Is the world moving towards a repeat of the Cultural Revolution?
The times they are a changin’, and they seem to be heading back 50 years, writes Adam Pilarski, Senior Vice-President at AVITAS.
How the world is changing. I remember fondly listening to Bob Dylan half a century ago never imagining that he would eventually become a Nobel Prize laureate. This astounding development is nothing compared to what is happening in the world now that could not have been forecasted a mere few years ago.
Mao Zedong launched China’s Cultural Revolution in 1966. Most remember it for its wild excesses but fail to acknowledge its stated objective, which was to change dramatically the status quo in China at that time. Chairman Mao was unhappy with existing realities and wanted to redo his country totally – not to be accomplished by incremental changes but by a total cultural revolution.
To achieve this he turned the masses against existing experts and leadership. Educated people were vilified and university personnel were sent to villages to learn from simple peasants the realities of life. Educated doctors were replaced by “barefoot doctors” not polluted by unnecessary college education. Central authorities were attacked and experts were held in disrespect.
There are elements right now in the world that seem to some degree to mirror the developments in China half a century ago. The world is expressing a desire for simple solutions. Intellectuals are seen as being associated with the old and broken, or at least not acceptable to some, realities. They are also seen by some as irrelevant and ineffectual. The term “paralysis by analysis” is used by some to express dismay at unnecessary thinking instead of doing things.
An example from the Philippines may express these sentiments. The government is concerned about a drug and crime problem. The solution selected is to skip the legal process and grant the law enforcement personnel the right to shoot suspects dead. An analytical person might be concerned whether there is enough evidence to execute a suspected criminal, whether police might shoot people whom they do not like for other reasons or even whether this will eventually lead to the police taking over the drug trade. Such concerns are seen as an example of impotent intellectuals, which will not help the existing crime problem faced by the people of the Philippines. Simple and positive moves are preferred over too much thinking and inaction. The wisdom and action of a real leader are seen as necessary to solve existing problems without being
encumbered by meaningless inputs from so-called experts.
These trends, though not as bloody, manifest themselves all over the world. Experts told the population of the UK to vote “no” to Brexit. Experts told Donald Trump what not to do to have a chance at winning the Republican Party nomination to be a candidate for the White House. The will of the people, his supporters say, prevailed to prove the experts wrong again. Trump’s followers, like the Revolutionary Guard of Mao Zedong, are actively attacking his own political party. Michael Gove, the then UK Lord Chancellor and Secretary of State for justice, said in June: “I think people in this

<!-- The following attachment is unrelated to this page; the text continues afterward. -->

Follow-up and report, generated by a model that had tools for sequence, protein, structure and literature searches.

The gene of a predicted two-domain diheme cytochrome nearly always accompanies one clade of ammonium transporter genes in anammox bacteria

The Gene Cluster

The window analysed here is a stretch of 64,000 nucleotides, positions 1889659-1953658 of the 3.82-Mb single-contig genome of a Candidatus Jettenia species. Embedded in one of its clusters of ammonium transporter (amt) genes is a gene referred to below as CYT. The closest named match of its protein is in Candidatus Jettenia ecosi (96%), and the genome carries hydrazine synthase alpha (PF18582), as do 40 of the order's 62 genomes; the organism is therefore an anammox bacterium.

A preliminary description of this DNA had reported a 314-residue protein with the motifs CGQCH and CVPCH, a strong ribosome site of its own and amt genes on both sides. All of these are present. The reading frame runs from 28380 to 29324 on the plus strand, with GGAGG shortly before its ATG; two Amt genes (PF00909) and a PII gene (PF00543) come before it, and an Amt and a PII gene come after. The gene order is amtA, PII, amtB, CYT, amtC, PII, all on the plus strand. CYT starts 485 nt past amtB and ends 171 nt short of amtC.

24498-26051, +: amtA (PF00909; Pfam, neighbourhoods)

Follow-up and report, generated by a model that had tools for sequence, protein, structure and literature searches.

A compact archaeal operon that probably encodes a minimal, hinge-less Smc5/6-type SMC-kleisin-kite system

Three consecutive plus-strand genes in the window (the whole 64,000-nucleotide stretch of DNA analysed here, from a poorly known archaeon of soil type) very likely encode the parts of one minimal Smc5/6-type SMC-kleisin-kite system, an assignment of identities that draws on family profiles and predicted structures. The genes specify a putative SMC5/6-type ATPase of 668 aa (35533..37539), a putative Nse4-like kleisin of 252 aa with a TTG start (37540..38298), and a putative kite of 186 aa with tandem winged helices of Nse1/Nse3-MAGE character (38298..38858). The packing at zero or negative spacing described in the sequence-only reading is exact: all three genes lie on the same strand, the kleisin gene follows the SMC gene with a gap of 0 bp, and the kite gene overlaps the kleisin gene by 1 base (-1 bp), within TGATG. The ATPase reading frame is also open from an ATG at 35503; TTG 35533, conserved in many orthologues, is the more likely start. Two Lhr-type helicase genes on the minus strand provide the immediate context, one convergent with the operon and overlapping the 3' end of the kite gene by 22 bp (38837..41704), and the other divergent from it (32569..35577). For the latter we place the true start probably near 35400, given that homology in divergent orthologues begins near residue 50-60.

country have had enough of experts.” Such trends can be detected all over the world
and may signal a potential for new realities.Why should we care and what is the relevance of all this to aviation? If we are moving away from rational thinking and economic analysis towards the “will of the people” we should expect less globalisation in the future. This could also lead to less trade. The bedrock of our industry is the
Why should we care and what is the relevance of all this to aviation? If we are moving away from rational thinking and economic analysis towards the “will of the people” we should expect less globalisation in the future. This could also lead to less trade. The bedrock of our industry is the movement of people and goods. Part of the reason for increased intra-European traffic and the great success of some lowcost carriers in Europe is the movement of workers within the EU. The proverbial Polish plumber often travels back home and these are new sources of traffic. In 2004, there were about 26,000 seats offered between Ireland and Poland and with globalisation that number mushroomed to more than 800,000 by 2007. With some economic retrenchment in Ireland that number has come down a bit but is still in the neighbourhood of 500,000 to 600,000 seats in each of the past eight years.
Let us look at the growth of freight and passenger traffic worldwide. Historically, the rule of thumb was that you forecast the rate of passenger growth and add one percentage point to get the freight growth forecast. Using International Air Transport Association (IATA) statistics, we can see that in the first decade of the century both passenger and freight growth was quite similar. From about 2010, freight grew by only 8% while passenger traffic grew at about 42%. In other words, passenger trends continued their previous trajectory while freight basically stopped growing. This development correlates perfectly with trade statistics provided by I ATA that show continuous trade growth from about 1980 with a plateau reached in the past few years. Hence, a worldwide globalisation pause led to a pause in trade that, in turn, led to a pause in freight growth. You do not need an expert to figure out
what such developments mean for aircraft demand (down!). If we abandon reason and have some populists determine new policies restricting the movement of people and goods then a slowdown in our industry might
become a reality.